Virtue, perhaps, is nothing more than politeness of soul. –Honore de Balzac
Growing up in small towns, I yearned for a way out. Cities like Chicago and New York seemed exotic, far away destinations where the streets were lined with tall buildings and people rushed constantly about. If you had asked me then what my life song might be, I probably would have answered you with titles such as Peter Gabriel’s Big Time or Glenn Frey’s You Belong to the City. I dreamed of anywhere but our little hometown.
As I look back, though, I realize just what we had in those rural towns and how much I miss certain aspects of that life. One of those aspects is politeness. I suppose I didn’t really notice it back then because it just “was.” I really didn’t know anything else and so had no comparison.
Some of the behaviors common to us back then are apparently almost extinct nowadays. For example, when I was growing up, men took off their hats before they entered a building, and everyone–men or women–took off their hats during the singing of The Star Spangled Banner or the recitation of “The Pledge of Allegiance.” In an area where wearing cowboy hats or ball caps was fairly common, I would see men politely remove their hats almost daily.
On a similar note, I remember riding in the back of a hearse after a family member’s death. As we traveled along the small, rural road, I looked out the window in an attempt to control my emotions. That was when I saw him. He was an elderly man who had stopped his car by the side of the road out of respect for the funeral procession. He stood by his car with his hat held over his heart. That one man’s small act meant more to me than anything else because it was true and heartfelt.
I must admit that it was a shock to move to my current city. Those niceties that I had taken for granted were gone, and I wonder if the loss of it has affected me as well. I have sometimes found myself forgetting my manners, something that would make my mother and grandmother shudder if they were still around.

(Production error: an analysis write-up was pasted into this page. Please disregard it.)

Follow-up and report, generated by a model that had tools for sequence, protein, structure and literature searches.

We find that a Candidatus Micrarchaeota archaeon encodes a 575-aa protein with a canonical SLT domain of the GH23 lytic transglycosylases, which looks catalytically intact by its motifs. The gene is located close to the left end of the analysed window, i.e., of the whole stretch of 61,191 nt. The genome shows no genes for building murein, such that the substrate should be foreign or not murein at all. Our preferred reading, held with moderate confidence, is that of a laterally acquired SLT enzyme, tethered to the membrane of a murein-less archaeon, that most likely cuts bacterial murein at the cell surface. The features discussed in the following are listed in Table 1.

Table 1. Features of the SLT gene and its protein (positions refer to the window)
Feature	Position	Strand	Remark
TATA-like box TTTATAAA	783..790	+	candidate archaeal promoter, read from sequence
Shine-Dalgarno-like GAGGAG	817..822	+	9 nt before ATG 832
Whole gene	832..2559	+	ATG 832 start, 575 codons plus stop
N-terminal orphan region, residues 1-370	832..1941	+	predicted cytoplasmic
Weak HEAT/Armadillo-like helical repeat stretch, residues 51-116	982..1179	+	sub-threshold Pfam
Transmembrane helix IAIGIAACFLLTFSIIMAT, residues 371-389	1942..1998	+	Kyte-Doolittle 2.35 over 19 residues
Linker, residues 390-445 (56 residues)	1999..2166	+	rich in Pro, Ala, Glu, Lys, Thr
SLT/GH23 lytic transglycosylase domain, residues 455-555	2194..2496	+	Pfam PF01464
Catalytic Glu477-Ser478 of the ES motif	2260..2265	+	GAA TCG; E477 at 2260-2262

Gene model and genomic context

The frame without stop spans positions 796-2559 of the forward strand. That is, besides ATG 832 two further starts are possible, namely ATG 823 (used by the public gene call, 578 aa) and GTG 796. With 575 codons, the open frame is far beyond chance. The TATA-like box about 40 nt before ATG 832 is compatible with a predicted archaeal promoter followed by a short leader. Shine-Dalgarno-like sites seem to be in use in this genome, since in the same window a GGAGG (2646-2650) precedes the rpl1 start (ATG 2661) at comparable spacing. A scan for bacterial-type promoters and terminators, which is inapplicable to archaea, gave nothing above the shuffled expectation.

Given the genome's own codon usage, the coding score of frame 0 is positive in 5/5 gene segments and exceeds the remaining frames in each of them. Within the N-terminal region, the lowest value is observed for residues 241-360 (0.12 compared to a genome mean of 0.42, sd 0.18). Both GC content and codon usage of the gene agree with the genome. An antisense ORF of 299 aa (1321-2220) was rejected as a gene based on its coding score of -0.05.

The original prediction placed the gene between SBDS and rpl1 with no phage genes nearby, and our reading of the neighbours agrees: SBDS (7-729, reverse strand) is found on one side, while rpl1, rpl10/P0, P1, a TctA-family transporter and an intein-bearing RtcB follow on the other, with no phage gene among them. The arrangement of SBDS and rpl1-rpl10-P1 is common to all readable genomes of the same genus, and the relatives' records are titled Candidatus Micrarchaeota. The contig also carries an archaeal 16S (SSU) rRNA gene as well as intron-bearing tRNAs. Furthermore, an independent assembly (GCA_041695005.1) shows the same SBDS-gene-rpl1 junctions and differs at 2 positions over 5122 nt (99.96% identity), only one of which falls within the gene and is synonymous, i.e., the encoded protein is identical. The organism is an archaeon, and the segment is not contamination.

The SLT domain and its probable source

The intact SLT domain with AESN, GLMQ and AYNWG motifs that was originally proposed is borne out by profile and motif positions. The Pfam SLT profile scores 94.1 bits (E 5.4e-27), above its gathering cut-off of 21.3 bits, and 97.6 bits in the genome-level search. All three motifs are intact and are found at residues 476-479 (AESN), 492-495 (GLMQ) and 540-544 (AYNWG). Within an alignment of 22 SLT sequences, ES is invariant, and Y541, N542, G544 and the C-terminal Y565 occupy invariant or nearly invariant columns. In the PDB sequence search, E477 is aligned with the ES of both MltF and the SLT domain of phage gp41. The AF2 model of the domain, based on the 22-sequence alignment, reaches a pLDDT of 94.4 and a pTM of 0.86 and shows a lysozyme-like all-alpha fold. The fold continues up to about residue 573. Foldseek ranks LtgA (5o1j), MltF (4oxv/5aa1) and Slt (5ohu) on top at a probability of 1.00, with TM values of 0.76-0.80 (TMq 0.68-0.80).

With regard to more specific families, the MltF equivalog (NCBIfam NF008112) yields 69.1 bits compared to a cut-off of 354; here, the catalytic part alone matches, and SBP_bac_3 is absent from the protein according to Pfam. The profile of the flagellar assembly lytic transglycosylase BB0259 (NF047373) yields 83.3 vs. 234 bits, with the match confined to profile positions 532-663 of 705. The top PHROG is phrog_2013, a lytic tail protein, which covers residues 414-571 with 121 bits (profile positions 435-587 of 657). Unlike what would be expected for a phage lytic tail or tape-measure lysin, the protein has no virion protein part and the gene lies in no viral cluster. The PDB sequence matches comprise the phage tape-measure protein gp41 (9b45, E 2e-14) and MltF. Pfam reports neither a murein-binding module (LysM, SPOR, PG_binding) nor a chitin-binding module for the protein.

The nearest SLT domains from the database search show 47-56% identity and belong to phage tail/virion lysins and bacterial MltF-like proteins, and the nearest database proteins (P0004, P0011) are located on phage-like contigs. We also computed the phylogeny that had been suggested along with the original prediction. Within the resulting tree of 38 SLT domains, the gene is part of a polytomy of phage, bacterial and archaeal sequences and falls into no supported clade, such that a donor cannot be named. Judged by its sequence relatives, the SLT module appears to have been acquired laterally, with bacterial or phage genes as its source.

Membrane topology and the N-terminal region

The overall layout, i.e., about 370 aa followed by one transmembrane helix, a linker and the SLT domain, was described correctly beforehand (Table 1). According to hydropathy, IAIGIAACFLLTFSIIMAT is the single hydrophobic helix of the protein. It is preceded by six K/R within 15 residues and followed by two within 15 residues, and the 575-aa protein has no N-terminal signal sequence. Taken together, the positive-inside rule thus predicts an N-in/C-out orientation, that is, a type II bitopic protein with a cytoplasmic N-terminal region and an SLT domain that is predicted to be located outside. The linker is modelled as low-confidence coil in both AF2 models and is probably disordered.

I know we probably can’t go back to the politeness that I remember. I think that perhaps we’ve lost more than we can imagine, however.
“Lock up your libraries if you like; but there is no gate, no lock, no bolt that you can set upon the freedom of my mind.” ― Virginia Woolf, A Room of One’s Own
When I was fairly young–a long, long time ago, in a galaxy far, far away–we would often drive through the rural areas of Oklahoma in our trips to various destinations. These rides were fairly boring, with little to alleviate this feeling except books, games of “I Spy,” and occasionally AM radio when there was reception.
Sometimes, though, I would see a relic from the relatively recent past. Burma Shave signs still stood along the sides of rural roads at that time although the company had quit placing new advertisements back in the 1960’s. I don’t ever remember seeing Burma Shave in the stores, but I grew to love their quirky signs.
These serial advertisements that grew out of the desire to lessen drivers’ boredom–along with spread the word about the product–certainly livened up the trips during my own childhood. I eagerly looked for these small signs and would yell out the jingle to my parents. The final sign, the one with the product placement for Burma Shave, was screamed out as if it were some sort of punchline for the witty sayings.
Although I have traveled the back roads in the Midwest for years since then, I haven’t seen Burma Shave signs in years. Even with our endless electronic entertainment, our current rides through the countryside seem a little vacant of creativity and fun. Perhaps we’re missing something with our constant supply of movies and email.